“Road Closure, Aleppo” by Megan Merchant

Megan Merchant


When I hear, on the radio,
that your road is closed,

I think of the desert monsoon
that razed the edges
of our highway,

the only way out—

and how, completely stuck,

I thought it looked the way
my mother did when
she tucked her lower lip

to dam
the words
that wanted to leave

but would wash out
the bridge of every conversation
she had to try politely
to cross

simply because she
was a woman,

which meant she had
lips that would riven
and silt.

But closing our road
did not mean
that fruit and meat
would rot scarce,

or hold us inside a city crumbed,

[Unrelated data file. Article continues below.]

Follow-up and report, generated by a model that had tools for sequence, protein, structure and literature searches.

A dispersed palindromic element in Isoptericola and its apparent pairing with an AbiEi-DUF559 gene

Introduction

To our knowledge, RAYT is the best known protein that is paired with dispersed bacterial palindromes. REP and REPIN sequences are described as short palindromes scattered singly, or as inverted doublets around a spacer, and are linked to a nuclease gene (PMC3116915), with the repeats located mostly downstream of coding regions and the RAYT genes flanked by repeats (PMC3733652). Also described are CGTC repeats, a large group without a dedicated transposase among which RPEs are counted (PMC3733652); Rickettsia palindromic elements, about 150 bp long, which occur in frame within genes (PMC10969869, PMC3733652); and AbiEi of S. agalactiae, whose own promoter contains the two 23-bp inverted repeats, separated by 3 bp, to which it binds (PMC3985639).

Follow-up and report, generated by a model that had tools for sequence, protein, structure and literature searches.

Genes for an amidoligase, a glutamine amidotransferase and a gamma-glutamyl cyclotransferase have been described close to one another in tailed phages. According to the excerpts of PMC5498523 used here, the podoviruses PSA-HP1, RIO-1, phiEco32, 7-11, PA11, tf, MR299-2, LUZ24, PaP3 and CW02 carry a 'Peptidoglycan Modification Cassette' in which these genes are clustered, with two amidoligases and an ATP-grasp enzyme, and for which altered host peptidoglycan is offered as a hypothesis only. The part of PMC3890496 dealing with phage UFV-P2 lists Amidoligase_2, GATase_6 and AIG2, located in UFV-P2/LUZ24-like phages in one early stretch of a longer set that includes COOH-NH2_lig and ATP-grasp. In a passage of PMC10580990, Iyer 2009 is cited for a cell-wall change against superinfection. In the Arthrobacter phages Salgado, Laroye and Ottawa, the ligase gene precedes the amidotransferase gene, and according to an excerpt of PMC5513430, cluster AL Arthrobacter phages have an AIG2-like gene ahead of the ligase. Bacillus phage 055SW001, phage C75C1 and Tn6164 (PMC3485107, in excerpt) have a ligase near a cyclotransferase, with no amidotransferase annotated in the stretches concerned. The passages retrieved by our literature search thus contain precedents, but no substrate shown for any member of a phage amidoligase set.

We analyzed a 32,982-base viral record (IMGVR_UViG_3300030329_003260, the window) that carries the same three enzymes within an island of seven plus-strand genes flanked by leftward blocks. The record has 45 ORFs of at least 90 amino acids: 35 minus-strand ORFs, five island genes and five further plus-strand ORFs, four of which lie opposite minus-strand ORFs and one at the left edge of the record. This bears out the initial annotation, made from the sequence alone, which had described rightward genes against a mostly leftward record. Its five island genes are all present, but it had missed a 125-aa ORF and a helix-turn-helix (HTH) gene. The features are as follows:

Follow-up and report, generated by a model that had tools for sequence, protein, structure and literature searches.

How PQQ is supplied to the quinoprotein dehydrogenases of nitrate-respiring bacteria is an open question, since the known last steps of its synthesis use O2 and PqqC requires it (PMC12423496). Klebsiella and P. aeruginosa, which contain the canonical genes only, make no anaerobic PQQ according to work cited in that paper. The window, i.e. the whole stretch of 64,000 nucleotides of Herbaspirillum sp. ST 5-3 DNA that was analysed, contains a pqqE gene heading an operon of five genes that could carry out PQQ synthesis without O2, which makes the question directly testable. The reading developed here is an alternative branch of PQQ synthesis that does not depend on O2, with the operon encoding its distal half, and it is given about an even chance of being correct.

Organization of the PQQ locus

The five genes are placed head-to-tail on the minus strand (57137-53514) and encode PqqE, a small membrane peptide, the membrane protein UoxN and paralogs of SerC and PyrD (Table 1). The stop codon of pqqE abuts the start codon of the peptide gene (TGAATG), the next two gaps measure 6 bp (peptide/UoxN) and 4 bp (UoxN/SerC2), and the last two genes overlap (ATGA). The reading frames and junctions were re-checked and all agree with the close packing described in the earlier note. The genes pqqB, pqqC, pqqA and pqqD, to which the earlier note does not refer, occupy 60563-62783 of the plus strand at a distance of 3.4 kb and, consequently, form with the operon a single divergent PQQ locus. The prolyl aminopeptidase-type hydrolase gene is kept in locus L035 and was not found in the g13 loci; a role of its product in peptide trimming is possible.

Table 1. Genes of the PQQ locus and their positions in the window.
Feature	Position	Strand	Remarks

where raids shamble night
and the sky is filigreed with smoke,
not stars,

and I do not have dreams
where bullets knock
door to door
looking under beds
for my children,

wanting to gnarl their
hair with sulfured breath.

I imagine you, other mother,
who knows your children
cannot swim,

but that also they cannot sleep
when the walls
are broken piano keys

and hunger is a wing
against barbed ribs,

and each lullaby is sung
under a dry tongue
waltzing inside of your mouth.

When our road closed
the neighborhood kids
inflated rafts
to float the flood-mile
for fun

and it was lightening
that blackened the ground,
thunder that bucked against fences.

I imagine, if I could touch
your hand, we would both say
that destruction is a root of nature,

but whelmed
under our tongues—
the word that means man.

Poets Respond
August 21, 2016

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Megan Merchant: “If you are a mother and see this photo, do you feel more than someone else?” (website)

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